Sure, companies like Apple and Google have introduced tools to help people control their device usage. But Jake says there’s a big difference between dialing down usage on your phone a few notches and actually going all the way to zero.

After deleting all the infinity pools from his phone, he magically had more hours in his day. He found himself spending more time with his family and even began working on side projects. “Without all that stuff, it cleared up a huge amount of stress and divided-attention from my head, and I felt like I had more attention,” he said.

Now, when Jake wants to accomplish something, he won’t hesitate to shut off any and all distractions. “Once I create a little bit of space, then I can get into what we call laser mode. Then I can be 100% focused.”

Unplug from the workplace

Of course, not everyone can delete Slack, skip meetings, or let e-mail go unanswered for a couple of days. But Jake thinks employees at any level can create space in their days for controlled focus.

Management certainly wants its employees to limit task-switching and better focus, but they also want open lines of communication. So this focused “highlight” time can be the best of both worlds, Jake says, since focused time gives employees more agency in their work. Additionally, it limits the amount of time each day when reactive tasks can pop-up.

Boss won’t sign-off on a daily team-wide highlight session? Jake says to make them yourself: Block off big chunks of time on your calendar for focused work. He suggests even occasionally scheduling a full design sprint if needed.

Control your calendar (don’t let it control you)

While Jake says the best way to get control over you calendar is to quit your job, he acknowledges that’s not an option for everyone. Rather, he recommends looking at a calendar not as a “tool to push us around,” but as a “tool to help you focus.”

Other than blocking out deep work time for yourself, he suggests also designing your calendar around your most effective hours. Many people are freshest in the morning, so, for them, that would digging into their “highlights when they get to work, and waiting to schedule meetings or answer emails until after lunch.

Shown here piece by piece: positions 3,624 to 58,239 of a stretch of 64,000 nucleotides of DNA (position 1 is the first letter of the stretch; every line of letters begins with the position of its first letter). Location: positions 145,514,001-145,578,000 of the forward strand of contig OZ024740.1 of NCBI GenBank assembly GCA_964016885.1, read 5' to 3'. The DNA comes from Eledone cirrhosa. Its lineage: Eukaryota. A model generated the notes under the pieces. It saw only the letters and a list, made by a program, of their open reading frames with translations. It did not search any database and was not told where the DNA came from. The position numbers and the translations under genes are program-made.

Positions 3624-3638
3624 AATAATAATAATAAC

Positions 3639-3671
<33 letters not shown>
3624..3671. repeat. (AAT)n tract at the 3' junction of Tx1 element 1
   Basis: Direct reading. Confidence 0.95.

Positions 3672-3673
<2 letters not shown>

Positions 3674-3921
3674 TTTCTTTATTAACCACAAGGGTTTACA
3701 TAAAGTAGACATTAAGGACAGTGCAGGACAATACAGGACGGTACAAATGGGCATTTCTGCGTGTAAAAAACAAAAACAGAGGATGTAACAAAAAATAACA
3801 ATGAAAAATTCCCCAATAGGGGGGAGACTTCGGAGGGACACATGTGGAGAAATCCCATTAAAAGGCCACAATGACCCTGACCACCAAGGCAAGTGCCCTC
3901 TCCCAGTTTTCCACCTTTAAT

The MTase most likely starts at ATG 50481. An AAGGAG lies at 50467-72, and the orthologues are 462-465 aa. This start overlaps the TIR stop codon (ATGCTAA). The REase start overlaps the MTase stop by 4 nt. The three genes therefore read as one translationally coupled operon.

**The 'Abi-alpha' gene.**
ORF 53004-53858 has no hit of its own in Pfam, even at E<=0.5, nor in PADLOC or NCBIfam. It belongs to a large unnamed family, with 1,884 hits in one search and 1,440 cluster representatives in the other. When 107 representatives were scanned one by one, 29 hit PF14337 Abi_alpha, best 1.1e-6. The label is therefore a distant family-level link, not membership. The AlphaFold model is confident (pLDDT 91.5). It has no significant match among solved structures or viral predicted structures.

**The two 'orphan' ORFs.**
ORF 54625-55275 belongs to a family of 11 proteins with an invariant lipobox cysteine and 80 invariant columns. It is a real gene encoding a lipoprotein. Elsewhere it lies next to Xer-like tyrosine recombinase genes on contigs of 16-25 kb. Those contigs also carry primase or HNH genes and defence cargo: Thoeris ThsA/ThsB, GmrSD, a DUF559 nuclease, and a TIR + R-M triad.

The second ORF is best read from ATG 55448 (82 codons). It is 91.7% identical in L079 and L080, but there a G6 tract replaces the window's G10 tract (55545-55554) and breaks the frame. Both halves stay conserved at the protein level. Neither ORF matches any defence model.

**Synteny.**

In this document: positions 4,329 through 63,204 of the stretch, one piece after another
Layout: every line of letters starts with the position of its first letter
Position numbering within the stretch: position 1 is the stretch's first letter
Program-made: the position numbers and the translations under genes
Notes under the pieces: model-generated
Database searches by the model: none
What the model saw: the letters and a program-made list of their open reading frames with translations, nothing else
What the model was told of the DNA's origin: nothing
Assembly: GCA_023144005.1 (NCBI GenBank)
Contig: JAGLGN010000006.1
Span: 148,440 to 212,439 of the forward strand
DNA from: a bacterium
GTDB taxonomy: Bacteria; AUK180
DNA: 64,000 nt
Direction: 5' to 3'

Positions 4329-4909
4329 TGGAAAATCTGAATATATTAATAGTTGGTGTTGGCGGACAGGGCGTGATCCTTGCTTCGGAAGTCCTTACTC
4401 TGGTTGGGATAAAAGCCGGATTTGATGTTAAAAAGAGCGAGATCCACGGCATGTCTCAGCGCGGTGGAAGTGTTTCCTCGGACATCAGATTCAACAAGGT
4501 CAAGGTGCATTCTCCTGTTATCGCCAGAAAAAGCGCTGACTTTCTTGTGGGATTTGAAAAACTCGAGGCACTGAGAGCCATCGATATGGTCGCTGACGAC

Limit “time craters”

Jake refers to the 20 to 30 minutes before and after a meeting that don’t lend themselves to deep, focused work as “time craters.” One of the most common causes of these time wasters are midday meetings, which he likens to throwing a heavy rock through a pane of glass.

“It’s not just going to put a perfect hole in there, he says. “It’s going to shatter a bit.”

To optimize your working hours and limit “time craters,” he recommends batching meetings into one or two days a week and carving out fully blank days on your calendar.

Start small (then go all in)

Jake gets it: Changing behaviors is inherently difficult. That’s why he recommends starting with a highlight that you want to do, and look forward to doing. That way, not only will you immediately feel gratified by your work, but you’ll also ride that high the rest of your day and build momentum to complete longer-term goals.

If this idea of making time for yourself resonates with you, check out the full podcast episode with Jake and learn more about Make Time here.

Collaborate in real time on a digital whiteboard